[KS] Kanghwa Treaty diplomatic protocol

Richard Miller rcmiller at wisc.edu
Wed Nov 14 15:32:29 EST 2007

Hi Christine (and everyone else),

Your colleague might look through Konishi Shirou's multi-volume work 
"Nishiki-e bakumatsu Meiji no rekishi" (Tokyo: Kodansha, 1977), if 
they're not familiar with it already. Since nishiki-e were meant to be a 
news medium, there are many images of Japan's various foreign 
adventures. Word of caution: they are often more revealing of Japanese 
attitudes toward foreigners than anything else, and are not particularly 
accurate accounts in many cases. For example, a number of famous 
nishiki-e regarding the first Sino-Japanese war are actually depictions 
of a popular series of plays performed by Kawakami Otojiro and his 
troupe. I have on occasion seen these prints described as if they 
depicted actual events, when what they depict is fictionalized stage 
versions, and rather nationalistic ones at that. Very interesting 
material for self-and-other studies of Meiji Japan, but I would hesitate 
to connect them to physical reality.

Richard Miller
Center for East Asian Studies

Christine Kim wrote:
> Dear All,
> On behalf of a colleague, I am posting a question pertaining to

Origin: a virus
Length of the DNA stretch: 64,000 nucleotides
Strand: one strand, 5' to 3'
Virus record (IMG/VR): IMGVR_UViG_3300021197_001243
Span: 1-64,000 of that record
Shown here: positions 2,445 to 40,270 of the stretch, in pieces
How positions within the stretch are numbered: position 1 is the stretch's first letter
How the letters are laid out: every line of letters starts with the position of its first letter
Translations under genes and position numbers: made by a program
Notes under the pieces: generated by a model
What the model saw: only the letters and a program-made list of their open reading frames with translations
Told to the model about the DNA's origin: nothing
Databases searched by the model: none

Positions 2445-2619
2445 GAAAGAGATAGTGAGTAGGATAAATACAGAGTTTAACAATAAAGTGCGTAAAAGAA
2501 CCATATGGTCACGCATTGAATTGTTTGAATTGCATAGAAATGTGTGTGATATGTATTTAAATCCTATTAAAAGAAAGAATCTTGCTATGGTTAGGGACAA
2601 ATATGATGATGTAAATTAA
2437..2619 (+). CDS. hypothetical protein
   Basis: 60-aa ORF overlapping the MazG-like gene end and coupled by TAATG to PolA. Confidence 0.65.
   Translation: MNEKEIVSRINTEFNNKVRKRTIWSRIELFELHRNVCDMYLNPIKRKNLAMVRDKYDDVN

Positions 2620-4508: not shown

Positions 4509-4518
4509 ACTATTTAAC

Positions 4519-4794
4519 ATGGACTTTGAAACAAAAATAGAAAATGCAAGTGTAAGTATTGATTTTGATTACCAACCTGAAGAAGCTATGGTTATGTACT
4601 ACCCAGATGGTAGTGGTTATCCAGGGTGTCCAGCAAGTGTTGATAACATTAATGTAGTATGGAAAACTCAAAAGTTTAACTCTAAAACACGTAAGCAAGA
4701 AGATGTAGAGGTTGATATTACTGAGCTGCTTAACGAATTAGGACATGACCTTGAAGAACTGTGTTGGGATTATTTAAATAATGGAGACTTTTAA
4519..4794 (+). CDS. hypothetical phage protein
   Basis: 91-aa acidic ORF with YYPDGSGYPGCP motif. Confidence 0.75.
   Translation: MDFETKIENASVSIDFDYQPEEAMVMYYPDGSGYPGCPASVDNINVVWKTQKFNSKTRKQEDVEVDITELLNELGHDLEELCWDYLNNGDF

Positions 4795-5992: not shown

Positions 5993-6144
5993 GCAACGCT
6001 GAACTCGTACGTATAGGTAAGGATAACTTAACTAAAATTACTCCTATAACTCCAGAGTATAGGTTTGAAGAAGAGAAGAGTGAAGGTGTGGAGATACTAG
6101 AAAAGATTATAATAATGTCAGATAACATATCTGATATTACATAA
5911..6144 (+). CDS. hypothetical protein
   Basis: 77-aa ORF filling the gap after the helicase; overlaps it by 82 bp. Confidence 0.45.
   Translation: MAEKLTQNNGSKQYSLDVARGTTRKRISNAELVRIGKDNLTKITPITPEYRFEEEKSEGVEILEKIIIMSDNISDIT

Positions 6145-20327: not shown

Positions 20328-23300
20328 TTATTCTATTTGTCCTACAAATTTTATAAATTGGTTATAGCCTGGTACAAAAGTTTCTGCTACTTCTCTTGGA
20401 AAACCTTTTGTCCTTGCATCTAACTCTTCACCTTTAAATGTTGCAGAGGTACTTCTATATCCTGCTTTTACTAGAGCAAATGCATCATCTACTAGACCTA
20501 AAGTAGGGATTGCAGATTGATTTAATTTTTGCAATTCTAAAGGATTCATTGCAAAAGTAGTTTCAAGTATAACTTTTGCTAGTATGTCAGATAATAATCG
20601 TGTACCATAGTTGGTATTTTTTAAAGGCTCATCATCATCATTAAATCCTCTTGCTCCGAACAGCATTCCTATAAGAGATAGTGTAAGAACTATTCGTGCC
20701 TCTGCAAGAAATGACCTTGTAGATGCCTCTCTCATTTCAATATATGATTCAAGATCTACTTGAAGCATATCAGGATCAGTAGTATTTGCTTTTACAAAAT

> diplomatic protocol surrounding the 1876 Treaty of Kanghwa and the 
> social history of chairs in East Asia:
>> I am trying to find out what setting and furniture were used when 
>> Japanese and Korean officials met to sign the Kanghwa Treaty.  I have 
>> been looking curiously at the Japanese woodblock print depicting the 
>> scene that is reproduced in wikipedia.  Unfortunately, this 
>> reproduction is clipped, so I cannot read the full title or date of 
>> the print.  Of course, it is quite possible that the artist invented 
>> the scene without having been present or seen a photograph.  In any 
>> event, my interest is primarily in whether both parties sat on 
>> chairs, and if so, whether this was a break with past protocol.  
>> Tokugawa officials made quite a fuss trying to insist that Westerners 
>> should sit on the floor with them when the negotiated treaties in 
>> 1853-4.  If the Meiji leaders met their Choson counterparts on 
>> chairs, were they following a Chinese precedent of some kind that had 
>> been applied in earlier Japanese-Korean encounters, or was this done 
>> at the insistence of the westernized Japanese?  Was there any dispute 
>> between the two sides about how they were to sit?  I would appreciate 
>> any information people may have.
>> Jordan Sand
> The woodblock print in question:
> http://ja.wikipedia.org/wiki/%E7%94%BB%E5%83%8F:GanghwaTreaty.jpg
> My own hasty perusal of writings on the Kanghwa Treaty has failed to 
> turn up anything relating to protocol, and I have not yet consulted 
> any studies on Choson t'ongsinsa. Might someone illuminate us all?
> Christine Kim
> Georgetown University

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